Picking someone to lead your company after you step down is probably among the hardest aspects of retiring (or otherwise moving on). Sure, there are some business owners who have a ready-made successor waiting in the wings at a moment’s notice. But many have a few viable candidates to consider — others have too few.
When looking for a successor, for best results, keep an open mind. Don’t assume you have to pick any one person — look everywhere. Here are three hot spots to consider.
1. Your family. If yours is a family-owned business, this is a natural place to first look for a successor. Yet, because of the relationships and emotions involved, finding a successor in the family can be particularly complex. Make absolutely sure a son, daughter or other family member really wants to succeed you. But also keep in mind that desire isn’t enough. The loved one must also have the proper qualifications, as well as experience inside and, ideally, outside the company.
2. Nonfamily employees. Keep an eye out for company “stars” who are still early in their careers, regardless of their functional or geographic area. Start developing their leadership skills as early as possible and put them to the test regularly. For example, as time goes on, continually create new projects or positions that give them responsibility for increasingly larger and more complex profit centers to see how they’ll measure up.
3. The wide, wide world. If a family member or current employee just isn’t feasible, you can always look externally. A good way to start is simply by networking with people in your industry, former employees and professional advisors. You can also try placing an ad in a newspaper or trade publication, or on an Internet job site. Don’t forget executive search firms either; they’ll help screen candidates and conduct interviews.
At the end of the day, any successor — whether family member, employee or external candidate — must have the right stuff. Please contact our firm for help setting up an effective succession plan.
It’s easy to fall into the trap of thinking about a succession plan as being about only two people: you and your successor. But a truly graceful passing of the baton to the next leader hinges on total staff buy-in — or, at least, acceptance. Getting managers and key employees involved in the planning can help you garner that buy-in and, ultimately, ensure a successful transition.
Remember: Misinformation, rumors, threats about quitting or refusals to support the new boss are often inevitable in a succession. To help keep potential sources of conflict in check, identify stakeholders who may have strong concerns about the next leader or the succession planning process itself. Then work out problems with them early on. You may want to start with the easiest of the bunch and work your way up to the individual who appears most dead-set in his or her opposition.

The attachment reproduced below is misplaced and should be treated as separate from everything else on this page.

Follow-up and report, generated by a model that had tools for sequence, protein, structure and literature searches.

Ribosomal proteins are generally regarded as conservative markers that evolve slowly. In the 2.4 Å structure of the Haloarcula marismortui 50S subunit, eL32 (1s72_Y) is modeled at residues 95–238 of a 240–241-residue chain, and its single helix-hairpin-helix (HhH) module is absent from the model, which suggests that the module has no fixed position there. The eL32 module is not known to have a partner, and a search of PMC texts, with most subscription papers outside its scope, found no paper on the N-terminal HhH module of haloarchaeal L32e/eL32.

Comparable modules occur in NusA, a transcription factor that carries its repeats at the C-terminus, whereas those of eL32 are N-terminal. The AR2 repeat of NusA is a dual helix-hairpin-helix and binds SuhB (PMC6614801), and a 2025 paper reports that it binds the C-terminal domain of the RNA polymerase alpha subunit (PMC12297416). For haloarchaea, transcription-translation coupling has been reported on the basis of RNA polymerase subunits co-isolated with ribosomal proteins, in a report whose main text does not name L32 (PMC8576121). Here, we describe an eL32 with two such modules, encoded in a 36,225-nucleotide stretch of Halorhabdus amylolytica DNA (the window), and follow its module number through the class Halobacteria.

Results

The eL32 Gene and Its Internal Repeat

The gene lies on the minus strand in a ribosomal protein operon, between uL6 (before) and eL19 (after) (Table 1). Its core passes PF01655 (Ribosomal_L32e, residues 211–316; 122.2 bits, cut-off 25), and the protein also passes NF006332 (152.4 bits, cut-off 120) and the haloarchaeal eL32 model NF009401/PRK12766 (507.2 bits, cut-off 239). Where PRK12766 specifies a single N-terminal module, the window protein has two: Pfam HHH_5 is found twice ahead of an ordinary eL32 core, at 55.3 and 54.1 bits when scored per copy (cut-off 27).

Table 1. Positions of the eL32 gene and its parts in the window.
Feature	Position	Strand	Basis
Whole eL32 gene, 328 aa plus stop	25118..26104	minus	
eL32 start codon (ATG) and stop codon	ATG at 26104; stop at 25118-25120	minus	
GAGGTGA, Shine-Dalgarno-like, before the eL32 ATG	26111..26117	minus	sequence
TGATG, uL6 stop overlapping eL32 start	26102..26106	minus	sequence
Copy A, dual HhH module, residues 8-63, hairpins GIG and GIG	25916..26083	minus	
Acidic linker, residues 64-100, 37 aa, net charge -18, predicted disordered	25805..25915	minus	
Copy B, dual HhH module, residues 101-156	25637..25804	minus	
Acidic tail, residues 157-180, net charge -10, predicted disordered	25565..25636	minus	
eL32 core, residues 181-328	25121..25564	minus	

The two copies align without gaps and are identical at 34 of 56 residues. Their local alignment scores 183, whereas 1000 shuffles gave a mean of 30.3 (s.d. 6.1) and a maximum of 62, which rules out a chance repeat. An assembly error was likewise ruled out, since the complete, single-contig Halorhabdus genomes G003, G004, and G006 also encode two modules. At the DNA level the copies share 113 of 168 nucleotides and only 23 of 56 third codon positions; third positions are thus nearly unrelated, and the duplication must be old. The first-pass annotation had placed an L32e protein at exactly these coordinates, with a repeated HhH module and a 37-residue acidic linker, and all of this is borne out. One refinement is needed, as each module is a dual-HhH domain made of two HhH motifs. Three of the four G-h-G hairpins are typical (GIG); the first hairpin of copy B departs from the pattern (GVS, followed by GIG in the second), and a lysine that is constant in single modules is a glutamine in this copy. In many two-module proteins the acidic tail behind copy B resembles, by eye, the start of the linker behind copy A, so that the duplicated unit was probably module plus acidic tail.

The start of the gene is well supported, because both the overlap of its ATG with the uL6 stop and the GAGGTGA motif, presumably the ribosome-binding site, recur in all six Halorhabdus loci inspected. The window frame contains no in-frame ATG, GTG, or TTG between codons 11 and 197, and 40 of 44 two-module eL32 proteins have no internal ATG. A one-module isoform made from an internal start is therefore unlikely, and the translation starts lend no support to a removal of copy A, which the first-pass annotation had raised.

In reality, a succession plan isn’t just a plan — it’s actions as well. Please contact us for help devising the best approach and executing it every step of the way.
Corporate taxpayers that retain earnings in excess of the reasonable needs of their business rather than pay such earnings as dividends to shareholders are at risk for the accumulated earnings tax (AET). The AET is primarily an issue for closely-held companies because closely-held companies are more likely to have dividend policy influenced by a single shareholder or a small group of shareholders.
“Reasonable needs of the business” include, among other business needs, working capital, planned expansion or acquisitions, and replacement of facilities and equipment. Whether planned business needs are considered reasonable for accumulated earnings tax purposes depends upon facts and circumstances that are unique to each business.
We believe that a review and analysis of your overall situation will help determine how to best utilize the profits from your growing business without running afoul of the prohibition on accumulating earnings. Please call our office to discuss strategies to retain your corporation's earnings and profits.
If you are operating your business as a partnership, you should have a written partnership agreement. This is true for family partnerships as well.The need for a partnership agreement can be summed up in two words: things change. You and your partner/s may agree about everything now, but disputes could arise later. Or one of you could die unexpectedly, leaving the survivor/s to deal with the deceased partnerâ€™s heirs.The basic provisions of a partnership agreement should include the parties to the agreement, the company name, purpose, location of the business, and the division of management responsibilities. The agreement should also indicate the following:* Initial capital contributions (or services in lieu of capital).* How and when additional capital contributions may be required.* How profits and losses will be shared.* How much of the profit is to be distributed and how much is to be left in the company for growth.Beyond the basics, the agreement should anticipate major events and spell out how to deal with them. For example, if one partner dies, what are the rights and obligations of the other partner/s? Under what circumstances can a partner leave, retire, or be expelled? What are the financial arrangements for departing partners? How long must an ex-partner wait before starting a competing business?A partnership agreement can't address every possible contingency, so consider an arbitration clause to handle disputes that you and your partner/s can't resolve on your own. Without such a clause, you may face a very expensive lawsuit to settle disputes.You and your business will benefit from a properly written partnership agreement. See your accountant and your attorney for assistance in getting it done right. Give us a call; we are here to help you.